What 1 Founder Wants You to Know About Casting Digital Tech Company Projects

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Photo Source: Alexander Hill

The need for models and actors in non-traditional acting jobs has grown exponentially in recent years and often you don’t even need an agent, manager, or union status to get them. Nicole Cadoret, co-founder and head of design at Lively, an app that sells hearing aids and audiology care online, shares tips for casting models for digital tech companies.

Cadoret oversees what the hearing test and interface look like, what goes into marketing emails, Facebook creative, and the look and feel of the website. Since Cadoret hadn’t run a photoshoot before, when it was time to design the website, she hired a photographer, who pointed her to Backstage to find the models.

Experience isn’t everything.
Since the app is selling hearing aids, Cadoret was looking for very specific types to appeal to that market. “I needed someone with short hair, I needed someone with long hair. Just to make sure that people don’t think, Oh, you’re showing me someone who it’s very obvious they don’t have hearing aids because they have hair covering them up.” While she notes that it could have helped to look at resumes, she based her decisions on finding the looks she needed.

For the first photo shoot, she was looking for somebody who was about 50 and “could kind of own a room.” She says, “Mark [Karten] was immediate—I was like, ‘That guy’ and everyone agreed.” The rest of the process was finding actors to pair with Mark while making sure the mix looked believable together. “I called him Mark the Lion, because he had this mane of hair and he was definitely mature, and also in the moment and active and present.” For the first shoot, they cast another man and two women.

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Know how to take direction.
Although Cadoret hired models, she notes by that hiring them from Backstage, “it felt like I got actors for free.” The models she hired were able to easily adapt to direction. “We were doing a lifestyle shot of a brunch and we were in a kitchen and I told them to look like they were cooking and we took the still photographs, but were also taking b-roll video as well, just to have that in our back pocket. They were convincing and in that way, I hired models, but kind of got actors for free.”

Cadoret says she also learned more about the type of direction she needed to give as she worked. “I didn’t realize that when I had people looking at their phone or looking at their screen that it appeared like they were asleep because their eyes were downcast.” When it came time for the second photoshoot, she knew to give more specific directions like, “Don’t look at your phone, you kind of have to be looking vaguely in the direction of your phone, but open your eyes wider.” Having professional models who were comfortable taking acting directions was essential for the process.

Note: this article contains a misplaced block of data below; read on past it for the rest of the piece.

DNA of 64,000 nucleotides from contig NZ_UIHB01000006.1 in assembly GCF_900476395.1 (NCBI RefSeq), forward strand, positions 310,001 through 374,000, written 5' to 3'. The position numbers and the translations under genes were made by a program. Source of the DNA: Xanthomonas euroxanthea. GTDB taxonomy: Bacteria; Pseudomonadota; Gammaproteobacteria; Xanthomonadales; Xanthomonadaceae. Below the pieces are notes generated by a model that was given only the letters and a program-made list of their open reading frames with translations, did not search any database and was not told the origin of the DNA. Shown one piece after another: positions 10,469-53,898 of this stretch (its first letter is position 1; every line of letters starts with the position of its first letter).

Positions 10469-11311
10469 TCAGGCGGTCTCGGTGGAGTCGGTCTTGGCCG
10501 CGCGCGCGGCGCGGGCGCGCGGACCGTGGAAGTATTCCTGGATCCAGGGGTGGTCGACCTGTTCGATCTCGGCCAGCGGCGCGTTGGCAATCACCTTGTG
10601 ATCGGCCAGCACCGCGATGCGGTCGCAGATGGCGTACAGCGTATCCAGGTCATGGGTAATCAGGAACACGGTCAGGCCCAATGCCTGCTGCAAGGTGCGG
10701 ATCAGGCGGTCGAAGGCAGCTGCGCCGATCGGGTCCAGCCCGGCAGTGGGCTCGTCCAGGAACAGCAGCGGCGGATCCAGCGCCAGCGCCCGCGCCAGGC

Make your availability clear (it could get you the job).
Cadoret didn’t have a casting director to juggle actor schedules for her, making availability one of the hardest parts of her casting process. “We would lock down a date and then get nervous that we can’t find somebody and at the last minute a new option would pop up on Backstage. Ultimately we felt really good about who we booked.”

Be ready for a start-up mentality
“I liked that I was able to get a variety of different types of people,” Cadoret says. She also appreciated their enthusiasm. “They were excited to come in and learn about hearing aids.” She notes that was important because “We were going to make stuff up as we go along. It’s very much a startup mentality. We want to get things that work really great, but we’re also not going to be overly precious. There’s a certain amount of time we have to get this done, and then we’re going to see how the market evaluates it, and then we’re going to do it again. It’s much more of an ongoing process for us.”

Those in front of and behind the camera must be willing to adapt.
Flexibility is important for talent, but also for casting directors. Cadoret learned a lot on her first photo shoot, and for the second shoot, she hired a cinematographer to get more of the B-roll she wanted. She has her team really visualize what shots they need, so they don’t have to make decisions on the spot. “We always have a very clear shot list,” she said. She also explained that having a stylist on set was important to ensure there is “someone who is looking at all the details because I can’t.” 

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Melinda Loewenstein
Prior to joining the Backstage team, Melinda worked for Baseline StudioSystem tracking TV development. When she's not working, she enjoys cuddling with her cats while obsessively watching every television show to ever air.
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